Persona climaxes as the two women face each other off, dressed all in black as Alma proceeds to viciously verbally attack Elisabet at length detailing the rejection of her son, who repulses her, and her marriage as a whole but quickly finds herself doubting her own life as her sense of self crumbles and even her use of language disintegrates as her identity fuses with Elisabets famously depicted in an ghostly merging of their two faces.

It ends with Elisabet apparently back to normal, or at least accepting and calm in the realisation that although her life may be an ‘illusion’, it is a necessary one in order for her to live and she can participate once again. We even see her returning to being an actress however Alma is left to go back to the false construct of her previous life as Sister Alma; the only means of saving herself from psychological collapse. Alma’s swapped places with Elisabet. By the end all she can say is "nothing".

Persona is one of those films that defies categorisation. I like to think of it as a psychological horror (I love the bit where a vampiric Elisabet actually bites and draws blood from Alma) but it’s a lot more than that of course and there are endless interpretations that you can knock yourself out with. Few directors could get so much out of what is, essentially, just two women hanging out together. Endlessly fascinating and rewarding. It makes you wish all movies were made in black and white! Both actresses looked gorgeous, of course.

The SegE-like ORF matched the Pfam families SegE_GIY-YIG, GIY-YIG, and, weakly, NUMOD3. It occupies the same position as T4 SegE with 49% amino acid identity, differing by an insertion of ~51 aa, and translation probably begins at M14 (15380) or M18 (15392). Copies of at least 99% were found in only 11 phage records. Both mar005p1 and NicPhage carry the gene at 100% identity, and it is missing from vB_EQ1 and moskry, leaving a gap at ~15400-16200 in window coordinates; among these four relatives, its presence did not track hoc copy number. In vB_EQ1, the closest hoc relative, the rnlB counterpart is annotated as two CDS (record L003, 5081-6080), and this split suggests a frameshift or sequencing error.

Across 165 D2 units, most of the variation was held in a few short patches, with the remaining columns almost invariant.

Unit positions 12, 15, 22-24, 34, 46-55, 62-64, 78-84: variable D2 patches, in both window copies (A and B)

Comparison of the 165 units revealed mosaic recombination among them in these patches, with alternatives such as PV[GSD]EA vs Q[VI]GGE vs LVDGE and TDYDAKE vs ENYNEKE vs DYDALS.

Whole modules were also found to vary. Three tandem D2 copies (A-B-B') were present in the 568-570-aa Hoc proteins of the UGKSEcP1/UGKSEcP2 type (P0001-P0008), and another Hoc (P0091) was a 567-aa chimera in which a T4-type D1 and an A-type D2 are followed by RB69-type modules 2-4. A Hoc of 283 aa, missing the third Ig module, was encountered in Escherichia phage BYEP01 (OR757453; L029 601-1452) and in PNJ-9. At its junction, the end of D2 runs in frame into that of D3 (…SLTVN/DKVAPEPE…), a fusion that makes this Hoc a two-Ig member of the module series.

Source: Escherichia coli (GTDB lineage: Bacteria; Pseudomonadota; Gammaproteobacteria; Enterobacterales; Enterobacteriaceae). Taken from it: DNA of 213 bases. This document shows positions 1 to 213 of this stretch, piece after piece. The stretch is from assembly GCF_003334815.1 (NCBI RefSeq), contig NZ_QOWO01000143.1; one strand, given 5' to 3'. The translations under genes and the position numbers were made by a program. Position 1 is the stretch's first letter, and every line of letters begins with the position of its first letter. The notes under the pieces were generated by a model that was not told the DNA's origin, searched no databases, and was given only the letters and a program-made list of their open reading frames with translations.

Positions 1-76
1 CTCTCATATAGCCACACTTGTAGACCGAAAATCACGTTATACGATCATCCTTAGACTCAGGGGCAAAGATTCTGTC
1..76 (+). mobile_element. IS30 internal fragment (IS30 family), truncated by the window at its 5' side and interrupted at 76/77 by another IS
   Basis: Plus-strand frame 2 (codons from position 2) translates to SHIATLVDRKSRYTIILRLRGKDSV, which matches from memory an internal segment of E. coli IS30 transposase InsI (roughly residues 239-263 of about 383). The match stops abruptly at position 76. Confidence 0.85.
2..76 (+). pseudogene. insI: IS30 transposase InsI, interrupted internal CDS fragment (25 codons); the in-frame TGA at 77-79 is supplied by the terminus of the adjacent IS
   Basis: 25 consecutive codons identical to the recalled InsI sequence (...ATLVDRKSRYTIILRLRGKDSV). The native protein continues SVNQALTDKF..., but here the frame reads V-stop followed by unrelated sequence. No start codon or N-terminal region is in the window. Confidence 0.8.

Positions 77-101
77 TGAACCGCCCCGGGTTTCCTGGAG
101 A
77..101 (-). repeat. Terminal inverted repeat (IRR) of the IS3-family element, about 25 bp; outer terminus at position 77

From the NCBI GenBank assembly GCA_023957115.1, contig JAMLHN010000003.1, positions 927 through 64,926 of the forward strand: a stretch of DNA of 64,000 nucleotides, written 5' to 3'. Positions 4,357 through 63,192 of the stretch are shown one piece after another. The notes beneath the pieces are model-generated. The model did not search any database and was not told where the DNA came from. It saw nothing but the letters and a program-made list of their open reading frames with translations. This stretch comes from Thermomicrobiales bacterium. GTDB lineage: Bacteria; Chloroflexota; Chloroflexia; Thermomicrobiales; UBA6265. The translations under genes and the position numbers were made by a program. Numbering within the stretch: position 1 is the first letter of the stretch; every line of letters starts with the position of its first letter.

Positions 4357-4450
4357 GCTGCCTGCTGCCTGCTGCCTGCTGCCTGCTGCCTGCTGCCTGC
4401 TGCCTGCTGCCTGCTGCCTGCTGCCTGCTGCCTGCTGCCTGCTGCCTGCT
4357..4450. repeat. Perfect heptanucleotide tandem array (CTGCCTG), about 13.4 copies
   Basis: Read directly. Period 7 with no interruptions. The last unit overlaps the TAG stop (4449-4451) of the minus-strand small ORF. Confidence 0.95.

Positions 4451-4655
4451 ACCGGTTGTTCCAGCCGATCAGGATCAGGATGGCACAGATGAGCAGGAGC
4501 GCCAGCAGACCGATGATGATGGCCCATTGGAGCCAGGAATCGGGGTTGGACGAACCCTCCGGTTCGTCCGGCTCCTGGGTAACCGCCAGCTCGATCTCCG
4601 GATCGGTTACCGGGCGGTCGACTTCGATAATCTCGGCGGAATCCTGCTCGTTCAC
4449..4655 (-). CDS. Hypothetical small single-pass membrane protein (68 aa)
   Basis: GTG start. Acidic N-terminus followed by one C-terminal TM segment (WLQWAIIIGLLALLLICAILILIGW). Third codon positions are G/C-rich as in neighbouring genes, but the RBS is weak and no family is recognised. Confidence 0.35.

Some questions….

What do you make of the beginning? Bergmans quick history of the moving image (pornography, animation, silent films)? The nature of film as illusion (the repeated shots of the projector, the burning up of the film?) Is the young boy Elisabets son reaching out to his Mother on a TV screen? Alma’s aborted son?

What’s your interpretation of the scene where Elisabets husband arrives at the cottage?

Favourite scene?

I love the whole part where Alma talks about the orgy.

Favourite image?

Image

The moment when Alma and Elisabet rest their heads on each other. I think Lynch paid homage in Mulholland Drive. The fade at the end is beautiful.

Bibi or Liv?
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Re: Film Club - Persona

Postby The Modernist » 24 Jan 2010, 18:29

Shame to let this post languish midway down when so much has gone into it. I did manage to find a copy of Persona yesterday, I hope to find time to watch it at some point this week. I'm holding off reading what you say on the film until I've watched it.